Audit Evidence for ISO 27001 Annex A Compliance

Information security links of chain


What kinds of audit evidence will your Certification Body be seeking to confirm your compliance with the requirements of Annex A?

Using ISO 27001 controls outlined on Annex A alone to address security vulnerabilities is never enough!

What is ISO 27001 Annex A About?

Let’s begin with what ISO 27001 Annex A is about. The purpose of Annex A is to ensure that a comprehensive set of controls are in place to manage information security risks.

As the vulnerabilities and threats to information security vary from one organization to another, the vulnerabilities included in Annex A should be treated as a 'fallback' position. 

External auditors will not be satisfied with information security controls that address Annex A vulnerabilities alone.  Without additional vulnerabilities particular to your organization (and consideration having been taken of the several sectoral Codes of Practice that may apply, e.g. ISO 27018 regarding personally identifiable information), external auditors will likely believe that no real risk assessment was done.

This may give them the impression that you've gone through the motions of preparing information security management system documentation to give the appearance of meeting requirements.

In this circumstance, you've little chance of being recommended for Certification to ISO 27001.

Sample of Evidence to Prove ISO 27001 Annex A Compliance

The external auditors will look for a variety of evidence of effective implementation of controls and precautions related to applicable ISO 27001 Annex A vulnerabilities. They would also look for other vulnerabilities specific to, and identified by, the organization.

Examples of such evidence types include:


Gap Analysis Tool ISO 27001






This is the best quality of audit evidence. Verifying and recording in Audit Workbook that:

  • a locked door is locked,
  • people do sign confidentiality agreements,
  • the asset register exists and contains assets observed,
  • system settings are adequate, etc.).

Records of Performance

Evidence can be gathered from seeing the results of performance of a control.  Having sight of and recording in Audit Workbook:

  • printouts of access rights given to people signed by the correct authorizing official,
  • records of incident resolution,
  • processing authorities signed by the correct authorizing official,
  • minutes of management (or other) meetings.

Direct Testing

Evidence can be the result of direct testing (or re-performance) of controls by the auditor.  For example:

  • attempts to perform tasks said to be prohibited by the controls,
  • determination whether software to protect against malicious code is installed and up-to-date on machines,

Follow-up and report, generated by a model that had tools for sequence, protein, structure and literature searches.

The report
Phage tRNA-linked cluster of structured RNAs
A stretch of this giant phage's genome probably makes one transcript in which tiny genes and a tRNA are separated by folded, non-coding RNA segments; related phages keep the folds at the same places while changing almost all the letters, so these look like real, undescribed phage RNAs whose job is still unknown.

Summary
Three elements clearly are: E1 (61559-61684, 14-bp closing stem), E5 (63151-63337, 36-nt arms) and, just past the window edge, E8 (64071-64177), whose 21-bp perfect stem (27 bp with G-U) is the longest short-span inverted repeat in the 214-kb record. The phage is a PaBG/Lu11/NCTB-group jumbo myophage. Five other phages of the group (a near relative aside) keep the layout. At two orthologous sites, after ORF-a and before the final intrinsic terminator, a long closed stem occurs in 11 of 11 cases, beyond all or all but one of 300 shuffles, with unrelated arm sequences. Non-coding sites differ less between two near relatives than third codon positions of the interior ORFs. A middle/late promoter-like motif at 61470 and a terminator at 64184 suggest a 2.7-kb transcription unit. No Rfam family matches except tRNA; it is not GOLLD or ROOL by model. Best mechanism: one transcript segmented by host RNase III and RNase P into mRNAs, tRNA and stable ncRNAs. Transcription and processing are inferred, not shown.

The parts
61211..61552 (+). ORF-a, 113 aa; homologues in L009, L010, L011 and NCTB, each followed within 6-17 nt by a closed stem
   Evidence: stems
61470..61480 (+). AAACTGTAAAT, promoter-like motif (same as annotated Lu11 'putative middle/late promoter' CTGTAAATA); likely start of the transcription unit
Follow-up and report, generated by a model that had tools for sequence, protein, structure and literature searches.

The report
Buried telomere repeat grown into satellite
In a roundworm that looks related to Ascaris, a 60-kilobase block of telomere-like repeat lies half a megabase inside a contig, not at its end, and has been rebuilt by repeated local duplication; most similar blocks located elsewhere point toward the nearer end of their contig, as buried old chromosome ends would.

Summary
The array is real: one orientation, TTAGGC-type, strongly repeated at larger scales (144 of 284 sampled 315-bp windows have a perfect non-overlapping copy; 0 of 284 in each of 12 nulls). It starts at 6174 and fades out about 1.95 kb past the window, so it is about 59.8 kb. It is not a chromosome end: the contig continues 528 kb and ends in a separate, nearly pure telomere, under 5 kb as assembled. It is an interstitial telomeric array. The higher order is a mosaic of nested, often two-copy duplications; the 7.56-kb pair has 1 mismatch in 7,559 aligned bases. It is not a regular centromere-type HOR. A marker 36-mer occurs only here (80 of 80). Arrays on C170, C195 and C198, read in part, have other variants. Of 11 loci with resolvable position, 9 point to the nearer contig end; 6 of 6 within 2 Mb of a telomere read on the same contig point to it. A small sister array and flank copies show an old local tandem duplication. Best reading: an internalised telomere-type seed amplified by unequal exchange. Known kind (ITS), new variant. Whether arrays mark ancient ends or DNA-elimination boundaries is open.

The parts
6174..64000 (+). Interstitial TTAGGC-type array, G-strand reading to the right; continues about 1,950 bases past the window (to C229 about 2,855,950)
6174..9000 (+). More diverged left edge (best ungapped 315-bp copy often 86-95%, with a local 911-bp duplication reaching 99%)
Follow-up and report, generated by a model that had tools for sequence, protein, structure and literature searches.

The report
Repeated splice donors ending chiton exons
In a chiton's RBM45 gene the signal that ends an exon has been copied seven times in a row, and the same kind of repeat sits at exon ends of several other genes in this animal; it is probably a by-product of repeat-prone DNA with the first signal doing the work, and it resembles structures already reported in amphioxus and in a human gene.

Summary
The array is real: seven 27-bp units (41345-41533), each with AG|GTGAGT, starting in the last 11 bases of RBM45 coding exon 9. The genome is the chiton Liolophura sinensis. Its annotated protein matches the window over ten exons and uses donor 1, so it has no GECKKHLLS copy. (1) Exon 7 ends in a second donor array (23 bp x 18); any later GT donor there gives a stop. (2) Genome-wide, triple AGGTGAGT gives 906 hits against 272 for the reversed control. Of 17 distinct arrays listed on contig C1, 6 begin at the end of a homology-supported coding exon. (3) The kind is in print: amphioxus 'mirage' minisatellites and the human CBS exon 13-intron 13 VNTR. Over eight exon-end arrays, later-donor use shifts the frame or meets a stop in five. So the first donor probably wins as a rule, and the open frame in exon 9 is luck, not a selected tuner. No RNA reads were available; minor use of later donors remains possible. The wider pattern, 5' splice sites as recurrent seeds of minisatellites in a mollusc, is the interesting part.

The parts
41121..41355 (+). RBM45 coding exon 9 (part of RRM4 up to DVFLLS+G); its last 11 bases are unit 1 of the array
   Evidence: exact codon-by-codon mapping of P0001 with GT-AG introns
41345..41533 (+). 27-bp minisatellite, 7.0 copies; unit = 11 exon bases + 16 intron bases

• access rights granted (with the permission of management/authorities).


You can implement and maintain your own ISMS (Information Security Management System)



This is arguably the most important form of evidence.  Many organizations operate on the basis that, if IT vulnerabilities are controlled, the organization is protected.  This is folly.  We're not talking cyber security.  It's more than that.  We're talking information security!

We know that all the technological precautions in the world are essentially useless unless the people involved fully play their part.  People are always the weakest link in the chain; just read about major information security breaches and you will see that time after time it is the failure of the people involved (actively or passively) that permitted the incident to occur. 

Interview type evidence can be gathered by:

  • interviewing staff at all levels and functions about applicable processes and controls
  • and then determining whether this is factually correct.
  • interviewing persons doing work under the organization’s control about applicable processes (especially outsourced processes) and controls
  • and then determining whether this is factually correct.
  • interviewing contractors and sub-contractors (both management and staff) about applicable processes and controls
  • And then determining whether this is factually correct.

How Annex A of ISO 27001 Affects Your Internal Audit Programme

Too often, Audit Programmes for organizations seeking certification to ISO 27001 ignore Annex A or schedule a cursory audit of the requirements here. 

Remember Annex A is not ‘Informative’; it is ‘Normative’, that is, a mandatory part of the Standard.

It is essential that a sufficient number of internal audits be planned to cover all applicable vulnerabilities (upward of a hundred are common), and evidence of the types given above be collected and documented.  Otherwise, you have little chance of a successful Certification Audit.  Good luck.

(From Annex D ISO 27006:2015)

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Written by Dr John FitzGerald

Director & Founder of deGRANDSON Global. He spent 15 years in the manufacturing industry and 25 years training, consulting & auditing management systems

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